Zippy and the Icon at the Bluebonnet

Today’s Zippy, which leads in several directions:


Zippy at the Bluebonnet Diner in Northampton MA, trading warning signs at the counter with an icon representing a (generic) person.

Stuff here: the diner; broasted chicken; warning signs; icons (for a man, for a person); punchline.

The Bluebonnet Diner. From the VisitNoho site (“the best places to dine, shop and visit in Northampton, Massachusetts”), with some puffery from the diner:

Built by the Worcester Lunch Car Company in 1950, the historic Bluebonnet Diner [324 King St.] stands as a familiar Northampton landmark. The name “Bluebonnet” is derived from the Texas state flower of the same name.

Seeing many additions over the years, yet sparing the original craftsmanship, the diner takes on a character all its own.

The dining room was added in 1960, with the later additions of a lounge and banquet all in 1967. Since its beginning, the Bluebonnet has seen a ten-fold increase in seating; with a present capacity of 110 in the restaurant, and 240 in the banquet hall.

Good food, prepared by competent people is standard fare here. Many recipes have earned us the reputation for good home-style cooking. We are most famous for our home-made puddings and cream pies.

(The diner’s own website is here.)



And inside, but without Zippy and the Icon:


Broasting. The Bluebonnet specializes in broasted chicken. From NOAD2 on the portmanteau verb broast, with part of the story:

verb N. Amer.: prepare food using a cooking process that combines broiling and roasting [as adj.]: broasted chicken.

Now, from Wikipedia, with more of the story:

Broasting is a method of cooking chicken and other foods using a pressure fryer and condiments. The technique was invented by L.A.M. Phelan in the early 1950s and is marketed by the Broaster Company of Beloit, Wisconsin, which Phelan founded.

Broasting equipment and ingredients are marketed only to food service and institutional customers, including supermarkets and fast food restaurants. They are not available to the general public. The method essentially combines pressure cooking with deep frying chicken that has been marinated and breaded.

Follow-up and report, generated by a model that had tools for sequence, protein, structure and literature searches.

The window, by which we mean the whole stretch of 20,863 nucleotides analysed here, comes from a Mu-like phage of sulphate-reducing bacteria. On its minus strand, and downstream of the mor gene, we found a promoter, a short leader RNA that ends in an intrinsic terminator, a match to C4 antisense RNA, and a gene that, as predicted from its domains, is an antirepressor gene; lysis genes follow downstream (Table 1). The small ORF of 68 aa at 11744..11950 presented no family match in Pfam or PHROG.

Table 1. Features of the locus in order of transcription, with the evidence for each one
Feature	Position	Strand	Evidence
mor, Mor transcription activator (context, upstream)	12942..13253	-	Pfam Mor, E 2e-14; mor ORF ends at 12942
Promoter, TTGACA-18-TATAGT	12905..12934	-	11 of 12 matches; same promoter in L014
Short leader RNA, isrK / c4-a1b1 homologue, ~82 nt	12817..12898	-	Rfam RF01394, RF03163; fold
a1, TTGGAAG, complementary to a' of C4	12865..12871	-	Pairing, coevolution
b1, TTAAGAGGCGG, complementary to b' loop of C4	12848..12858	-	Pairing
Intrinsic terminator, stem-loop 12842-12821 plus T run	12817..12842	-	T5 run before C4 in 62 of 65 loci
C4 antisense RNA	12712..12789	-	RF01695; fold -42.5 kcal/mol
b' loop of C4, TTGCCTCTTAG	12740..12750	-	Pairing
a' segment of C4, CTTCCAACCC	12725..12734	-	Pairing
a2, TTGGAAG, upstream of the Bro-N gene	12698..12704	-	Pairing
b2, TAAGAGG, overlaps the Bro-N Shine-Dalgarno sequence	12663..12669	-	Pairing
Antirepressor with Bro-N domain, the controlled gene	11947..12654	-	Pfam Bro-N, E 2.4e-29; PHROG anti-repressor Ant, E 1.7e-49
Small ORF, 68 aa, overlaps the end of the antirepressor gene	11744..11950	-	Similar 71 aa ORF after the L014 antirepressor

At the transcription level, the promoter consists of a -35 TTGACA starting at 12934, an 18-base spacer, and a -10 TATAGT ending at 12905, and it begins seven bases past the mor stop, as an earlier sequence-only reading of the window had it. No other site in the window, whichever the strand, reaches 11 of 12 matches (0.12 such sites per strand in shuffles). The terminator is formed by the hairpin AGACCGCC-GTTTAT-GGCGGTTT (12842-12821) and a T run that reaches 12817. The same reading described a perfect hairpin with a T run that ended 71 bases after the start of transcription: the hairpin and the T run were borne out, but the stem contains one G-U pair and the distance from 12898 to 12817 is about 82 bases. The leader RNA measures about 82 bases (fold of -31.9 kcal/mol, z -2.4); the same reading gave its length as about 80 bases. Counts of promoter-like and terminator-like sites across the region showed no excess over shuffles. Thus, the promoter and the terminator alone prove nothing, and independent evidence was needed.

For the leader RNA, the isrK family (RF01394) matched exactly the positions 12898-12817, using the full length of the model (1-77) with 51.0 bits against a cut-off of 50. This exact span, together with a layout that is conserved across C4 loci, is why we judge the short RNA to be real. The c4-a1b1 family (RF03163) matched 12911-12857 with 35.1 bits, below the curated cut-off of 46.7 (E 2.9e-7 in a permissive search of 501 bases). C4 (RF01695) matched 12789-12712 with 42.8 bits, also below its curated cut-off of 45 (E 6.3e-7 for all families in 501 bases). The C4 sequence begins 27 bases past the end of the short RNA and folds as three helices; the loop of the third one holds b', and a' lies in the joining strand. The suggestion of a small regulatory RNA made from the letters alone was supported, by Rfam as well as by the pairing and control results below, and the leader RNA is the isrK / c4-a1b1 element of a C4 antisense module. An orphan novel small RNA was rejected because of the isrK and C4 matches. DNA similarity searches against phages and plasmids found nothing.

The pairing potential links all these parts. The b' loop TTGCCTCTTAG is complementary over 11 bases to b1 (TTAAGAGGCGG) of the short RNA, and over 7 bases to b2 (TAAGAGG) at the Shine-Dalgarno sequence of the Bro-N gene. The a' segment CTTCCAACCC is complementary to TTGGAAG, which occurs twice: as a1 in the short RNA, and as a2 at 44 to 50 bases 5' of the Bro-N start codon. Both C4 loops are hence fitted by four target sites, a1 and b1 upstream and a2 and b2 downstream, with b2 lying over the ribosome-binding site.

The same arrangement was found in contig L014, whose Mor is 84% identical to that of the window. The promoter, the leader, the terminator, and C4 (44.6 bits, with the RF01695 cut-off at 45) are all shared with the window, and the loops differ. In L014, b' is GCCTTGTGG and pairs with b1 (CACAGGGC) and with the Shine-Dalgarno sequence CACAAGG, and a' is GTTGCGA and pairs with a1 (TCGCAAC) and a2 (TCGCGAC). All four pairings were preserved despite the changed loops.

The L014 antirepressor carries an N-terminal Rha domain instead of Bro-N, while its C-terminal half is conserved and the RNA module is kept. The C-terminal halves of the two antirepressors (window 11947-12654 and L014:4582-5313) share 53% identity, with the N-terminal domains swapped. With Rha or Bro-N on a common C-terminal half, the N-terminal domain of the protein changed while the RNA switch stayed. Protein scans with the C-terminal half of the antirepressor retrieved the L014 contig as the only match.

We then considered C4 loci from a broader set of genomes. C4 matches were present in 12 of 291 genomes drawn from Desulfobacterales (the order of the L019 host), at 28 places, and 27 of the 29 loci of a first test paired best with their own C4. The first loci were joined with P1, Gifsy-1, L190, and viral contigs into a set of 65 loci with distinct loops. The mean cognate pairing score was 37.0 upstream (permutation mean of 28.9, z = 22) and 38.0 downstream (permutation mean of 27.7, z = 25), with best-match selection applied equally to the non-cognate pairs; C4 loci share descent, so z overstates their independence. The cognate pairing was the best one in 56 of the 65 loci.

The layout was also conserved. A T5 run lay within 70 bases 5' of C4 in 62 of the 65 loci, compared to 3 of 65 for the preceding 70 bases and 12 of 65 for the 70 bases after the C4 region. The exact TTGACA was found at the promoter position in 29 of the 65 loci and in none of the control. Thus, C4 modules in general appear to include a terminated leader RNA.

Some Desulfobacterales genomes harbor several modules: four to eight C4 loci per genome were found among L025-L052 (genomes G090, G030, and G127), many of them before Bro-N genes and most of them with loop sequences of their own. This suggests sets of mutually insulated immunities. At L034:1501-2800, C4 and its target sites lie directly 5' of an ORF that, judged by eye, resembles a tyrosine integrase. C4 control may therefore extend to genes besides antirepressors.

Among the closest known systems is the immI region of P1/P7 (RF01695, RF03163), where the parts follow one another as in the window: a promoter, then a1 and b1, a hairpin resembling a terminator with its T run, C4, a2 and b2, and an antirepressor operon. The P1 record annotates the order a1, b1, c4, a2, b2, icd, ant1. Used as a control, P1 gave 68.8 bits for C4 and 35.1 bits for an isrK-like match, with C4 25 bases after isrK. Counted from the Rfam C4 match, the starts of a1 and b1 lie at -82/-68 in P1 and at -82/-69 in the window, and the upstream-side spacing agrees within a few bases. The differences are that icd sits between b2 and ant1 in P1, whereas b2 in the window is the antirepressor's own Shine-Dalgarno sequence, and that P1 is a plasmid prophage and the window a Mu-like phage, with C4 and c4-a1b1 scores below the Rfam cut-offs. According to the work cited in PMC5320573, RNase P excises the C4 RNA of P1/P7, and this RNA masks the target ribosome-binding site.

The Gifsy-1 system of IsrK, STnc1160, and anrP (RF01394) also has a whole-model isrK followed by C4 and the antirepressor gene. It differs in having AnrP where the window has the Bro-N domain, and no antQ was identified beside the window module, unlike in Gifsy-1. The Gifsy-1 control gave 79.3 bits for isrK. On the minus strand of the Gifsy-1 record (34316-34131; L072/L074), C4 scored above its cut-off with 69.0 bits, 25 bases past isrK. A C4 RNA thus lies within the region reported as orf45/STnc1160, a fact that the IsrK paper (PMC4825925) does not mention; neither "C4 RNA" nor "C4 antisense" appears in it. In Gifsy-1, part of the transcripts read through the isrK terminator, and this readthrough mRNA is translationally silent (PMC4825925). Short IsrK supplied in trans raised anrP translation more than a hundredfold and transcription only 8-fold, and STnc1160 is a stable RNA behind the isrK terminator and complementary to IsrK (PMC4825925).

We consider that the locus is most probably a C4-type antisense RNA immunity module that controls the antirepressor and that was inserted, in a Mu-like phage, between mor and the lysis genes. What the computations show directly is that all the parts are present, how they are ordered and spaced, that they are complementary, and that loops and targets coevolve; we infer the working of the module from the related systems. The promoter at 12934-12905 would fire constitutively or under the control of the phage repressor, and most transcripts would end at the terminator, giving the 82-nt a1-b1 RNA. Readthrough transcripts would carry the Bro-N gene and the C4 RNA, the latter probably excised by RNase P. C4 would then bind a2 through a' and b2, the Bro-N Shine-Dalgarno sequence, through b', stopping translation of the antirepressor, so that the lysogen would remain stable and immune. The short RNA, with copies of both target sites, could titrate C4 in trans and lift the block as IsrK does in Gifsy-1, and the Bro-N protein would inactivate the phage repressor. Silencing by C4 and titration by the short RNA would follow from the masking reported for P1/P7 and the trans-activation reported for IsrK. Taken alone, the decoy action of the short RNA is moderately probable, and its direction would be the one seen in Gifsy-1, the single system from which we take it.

Broasted chicken at the Golden Basket Restaurant in Green Bay WI:


Broasted chicken is popular in Saudi Arabia and Pakistan, and is served at Middle Eastern and Filipino restaurants in the US, as well as at non-ethnic places like the Golden Basket.

There are recipes for “broasting” chicken at home (without the brand-name equipment), by oven-roasting prepared chicken parts, turning them periodically; this is like pan-frying, but in the oven, and with very little oil.

Warning signs. Zippy and the Icon trade the texts on warning signs (serving a number of purposes). These tend to be formulaic, using conventionalized abbreviated wording (THIS WAY OUT, for instance). Zippy’s final contribution, as the Icon leaves, whistling, is a variant of


as here:


Icons.Notice that the ‘(generic) person’ icon appears in #5. Here it is in a “pedestrian crossing” sign:


And a “litter container” sign:


Note that this particular icon is used, in other contexts, to refer specifically to men; toilets specifically for men are marked with this icon, even if the sign is wordless:


This double usage is obviously akin to the use of he and man to refer specifically to men in certain contexts, but (for some people, at any rate) to refer generically in others.

Punchlines. What Zippy says in the last panel of #1, as the Icon strolls away, is not




suggesting, perhaps, that this the end of their exchange. On punchline, NOAD2 says:

the final phrase or sentence of a joke or story, providing the humor or some other crucial element

OED3 (Sept. 2007) says the compound noun was originally U.S. (but it has clearly spread); its first cite is from 1916 (spelled punch line); then it has the spelling punch-line in 1921 and punchline in 1993 and thereafter.

And that’s the end of the story.

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